isabella sophia young
She looked up at me out of her light eyes with that dark ring of greenish blue. They seemed to look right into my heart. Her hair had begun to grow back in. Curls of sandy brown swirled around her head in a haphazardly beautiful crown. A significant change since the last time I had seen her…
Just the summer before, she came to our house with her shiny smooth head and tried to avoid the incessant kisses of our two dogs who could reach her face when they stood on their hind legs. She had a look that was fearless but judging and careful. Not in a mean sort of way, but calculating.
While her daddy talked with Mike in the garage, she came inside to see our pet snake. But did so silently. I tried to make small talk as she gazed through the glass at the scaly pet coiled on top of the fake log. But she wasn’t interested in conversation. I wasn’t quite trustable yet.
But this day in the park, something had changed in her. She had a sweet smile on her face and looked at me with a new boldness. Holding her mommy’s hand and swinging her shoulders back and forth in that “I can’t wait for fun” sort of way, she asked if I wanted to go play on the jungle gym. I eagerly said yes to this newfound acceptance and followed her over to the play structure.
We climbed and slid. We ran across the unstable bridge. We played tic-tac-toe on the giant plastic board. Sufficiently tired, we collapsed on the top platform. In our nearly private little fort, she whispered to me, “I had cancer.” I told her that I knew that and was proud of how brave she was. She pointed to the bandage on her chest where her port had just been removed and explained how she got medicine and how her hair went away.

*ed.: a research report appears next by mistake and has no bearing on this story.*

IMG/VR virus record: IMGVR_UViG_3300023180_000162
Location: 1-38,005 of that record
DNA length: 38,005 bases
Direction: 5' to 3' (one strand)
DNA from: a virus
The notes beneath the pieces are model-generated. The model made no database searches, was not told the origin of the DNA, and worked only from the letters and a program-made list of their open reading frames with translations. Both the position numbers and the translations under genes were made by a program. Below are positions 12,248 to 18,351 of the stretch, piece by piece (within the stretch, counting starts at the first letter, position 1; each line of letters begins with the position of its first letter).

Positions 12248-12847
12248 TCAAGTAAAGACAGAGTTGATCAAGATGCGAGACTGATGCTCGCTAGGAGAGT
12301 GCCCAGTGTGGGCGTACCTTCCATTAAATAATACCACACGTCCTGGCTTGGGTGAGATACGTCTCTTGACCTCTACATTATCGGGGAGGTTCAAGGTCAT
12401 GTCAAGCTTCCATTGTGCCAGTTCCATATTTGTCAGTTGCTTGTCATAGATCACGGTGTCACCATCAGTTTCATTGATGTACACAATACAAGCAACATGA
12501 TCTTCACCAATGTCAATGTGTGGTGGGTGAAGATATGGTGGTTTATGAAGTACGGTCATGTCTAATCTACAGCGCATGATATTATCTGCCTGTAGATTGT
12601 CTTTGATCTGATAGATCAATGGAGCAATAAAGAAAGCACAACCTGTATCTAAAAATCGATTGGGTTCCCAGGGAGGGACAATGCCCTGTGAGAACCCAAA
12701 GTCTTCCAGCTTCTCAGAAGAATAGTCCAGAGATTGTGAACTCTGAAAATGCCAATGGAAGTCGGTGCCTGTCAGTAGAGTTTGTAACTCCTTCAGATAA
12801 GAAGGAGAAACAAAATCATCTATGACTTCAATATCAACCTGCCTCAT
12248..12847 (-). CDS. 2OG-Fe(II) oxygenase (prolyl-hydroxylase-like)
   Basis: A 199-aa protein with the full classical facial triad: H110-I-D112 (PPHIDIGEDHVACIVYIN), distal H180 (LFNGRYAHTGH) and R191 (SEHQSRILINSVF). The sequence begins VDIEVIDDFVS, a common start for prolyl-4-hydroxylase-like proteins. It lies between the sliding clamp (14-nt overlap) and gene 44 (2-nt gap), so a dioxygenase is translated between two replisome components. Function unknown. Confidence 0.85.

Then she took my hand and said quietly, “You are my new friend.”
Over the next couple years I watched this little girl from afar. At her birthday parties jumping on the giant trampoline, sitting in the truck when her daddy visited, and in countless pictures on Facebook. I watched her make memories and live out her dreams. I watched her hold hands with her best friend on a sand dune. I watched her fight tooth and nail alongside her mother and father against the cancer that just wouldn’t go away.
And today, I watched a flock of pink balloons sail into the sky in her memory.
I’m not sure how such a seemingly insignificant five-minute conversation with a little girl could make such a lasting impression on me. But something about our quiet exchange just a few summers ago has been tucked away in my heart ever since. As I listened to people share stories of their love and friendship with Bella today, I began to realize that she had this effect on every person she interacted with. We were all blessed by her. Whether it was a six-year lifetime of love or a tiny conversation on the top of a jungle gym.
The other night, the night that she passed, I tried to pray for her and her family. But the words didn’t come. Rather, her name danced around in my head. Bells, Bells, Bells like a song chiming through the air from a church. And after we laid roses on her small white casket, the pink balloons dance towards the sky to that same song. I said goodbye to my five-minute friend and thanked her for all she had taught me.
© 2013 D. Willson